The hemostatic system. 2nd Part


blood coagulation

How to Cite

Barcellona, D., Schirru, P., Marongiu, S., & Marongiu, F. (2024). The hemostatic system. 2nd Part. Journal of Pediatric and Neonatal Individualized Medicine (JPNIM), 13(1), e130117.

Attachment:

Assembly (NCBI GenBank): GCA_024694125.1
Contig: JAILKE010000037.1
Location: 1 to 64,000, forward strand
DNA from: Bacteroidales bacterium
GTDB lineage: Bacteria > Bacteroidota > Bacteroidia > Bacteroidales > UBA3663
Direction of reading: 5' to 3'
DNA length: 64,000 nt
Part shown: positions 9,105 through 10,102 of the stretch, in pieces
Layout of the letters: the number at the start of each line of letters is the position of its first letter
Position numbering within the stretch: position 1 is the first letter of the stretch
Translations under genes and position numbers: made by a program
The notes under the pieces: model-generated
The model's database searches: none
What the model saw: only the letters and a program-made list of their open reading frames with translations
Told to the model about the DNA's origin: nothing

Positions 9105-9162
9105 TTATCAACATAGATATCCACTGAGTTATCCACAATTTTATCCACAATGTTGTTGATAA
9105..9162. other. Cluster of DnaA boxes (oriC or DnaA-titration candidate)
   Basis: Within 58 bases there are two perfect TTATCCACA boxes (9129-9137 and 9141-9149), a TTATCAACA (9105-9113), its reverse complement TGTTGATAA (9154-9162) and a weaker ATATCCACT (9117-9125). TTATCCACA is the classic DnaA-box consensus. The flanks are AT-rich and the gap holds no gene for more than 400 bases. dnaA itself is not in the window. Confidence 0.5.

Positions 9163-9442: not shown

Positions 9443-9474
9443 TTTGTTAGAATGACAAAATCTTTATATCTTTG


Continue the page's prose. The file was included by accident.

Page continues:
The hemostatic system (HS) is crucial for human survival, both by preventing excessive bleeding and also through close links to the immune system. Both systems cooperate to defend us from attacks by microorganisms and viruses. However, the behavior of the HS changes radically in the presence of cancer, becoming its powerful ally. Excessive individual responses of the HS to sepsis or virus attacks also require further investigation. The current review aims to explain the main pathophysiological mechanisms responsible for the behaviors of the HS in inflammation and cancer. We address the three main components of the HS, i.e., platelets, blood coagulation, and fibrinolysis, separately, and provide detailed information on their different activities in relation to inflammation and cancer. A better understanding of the mechanisms underlying the HS may help to improve daily clinical practice. This review also considers the possible roles of anticoagulant and antifibrinolytic drugs in counteracting the abnormal reactions of the HS during the course of infectious diseases and cancer. Further ad hoc studies are needed to assess if these drugs can reverse or at least reduce the adverse impacts of the HS in infections and cancer.